There are other important innovations on how the funds given directly to businesses can be spent. The EU wants at least 10% of direct subsidies in each country to go to small or medium-sized enterprises in the agricultural sector, while 3% will be dedicated to young farmers, supporting new entrepreneurs in the sector with rural development funds.
Furthermore, from 2025 at the latest, there will be inspections on working conditions in companies supported by the CAP, providing for penalties for those who do not respect European labour laws, thus adding a social dimension to the policy.
Further measures concern greater transparency on access to subsidies, as well as support for farmers should they find themselves facing unforeseen crises and risks, which can lead to sharp fluctuations in prices and therefore to economic damage.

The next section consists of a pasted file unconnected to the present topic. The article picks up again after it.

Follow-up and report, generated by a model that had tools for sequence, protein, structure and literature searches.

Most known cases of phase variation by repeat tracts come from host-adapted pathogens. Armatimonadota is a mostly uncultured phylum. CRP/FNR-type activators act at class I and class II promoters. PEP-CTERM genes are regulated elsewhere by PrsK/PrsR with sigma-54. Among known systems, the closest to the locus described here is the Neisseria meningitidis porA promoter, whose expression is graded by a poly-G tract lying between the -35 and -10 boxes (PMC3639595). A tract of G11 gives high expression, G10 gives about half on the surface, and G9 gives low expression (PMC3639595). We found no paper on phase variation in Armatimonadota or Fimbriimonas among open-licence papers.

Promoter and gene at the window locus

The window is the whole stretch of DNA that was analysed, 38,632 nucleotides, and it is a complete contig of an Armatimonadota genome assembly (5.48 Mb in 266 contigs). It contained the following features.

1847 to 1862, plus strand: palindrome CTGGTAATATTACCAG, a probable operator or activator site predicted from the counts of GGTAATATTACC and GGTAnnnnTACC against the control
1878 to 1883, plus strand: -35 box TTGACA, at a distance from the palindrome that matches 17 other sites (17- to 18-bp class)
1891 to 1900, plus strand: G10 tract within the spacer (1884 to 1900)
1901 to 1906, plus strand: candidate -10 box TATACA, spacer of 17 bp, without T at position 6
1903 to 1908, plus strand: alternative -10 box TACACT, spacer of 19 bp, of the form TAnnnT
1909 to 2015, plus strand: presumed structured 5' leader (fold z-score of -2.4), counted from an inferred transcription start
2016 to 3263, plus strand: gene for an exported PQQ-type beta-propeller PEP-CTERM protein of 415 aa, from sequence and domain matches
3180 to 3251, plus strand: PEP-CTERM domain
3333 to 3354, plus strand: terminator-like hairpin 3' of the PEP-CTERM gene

Green or greenwashing?
Barring last-minute surprises, the new CAP text should be approved and come into force in January 2023.
However, there are two opposing narratives on the policy, which clash above all with regard to the environmental issue.
On the one hand environmentalists, who argue that this text has no real change within it, accuse its promoters of greenwashing. In fact, the envisaged devices do not foresee obligations for there to be a radical change in agricultural activities to reduce greenhouse gas emissions, but a slow and gradual transition that must in any case be further stimulated by creating conditions for which it is convenient, financially, to invest in greener agriculture.
On the other hand, the Commission welcomed the agreement as an important novelty. Responding to criticism from various environmental groups, Executive Vice President of the European Green Deal Commission Frans Timmermans argued that change is always "evolution, not revolution", confirming how, also given the Commission's limited powers in many policy areas, it is not possible to radically change policies that affect huge economic interests, even if necessary to face the most important challenge of the near future.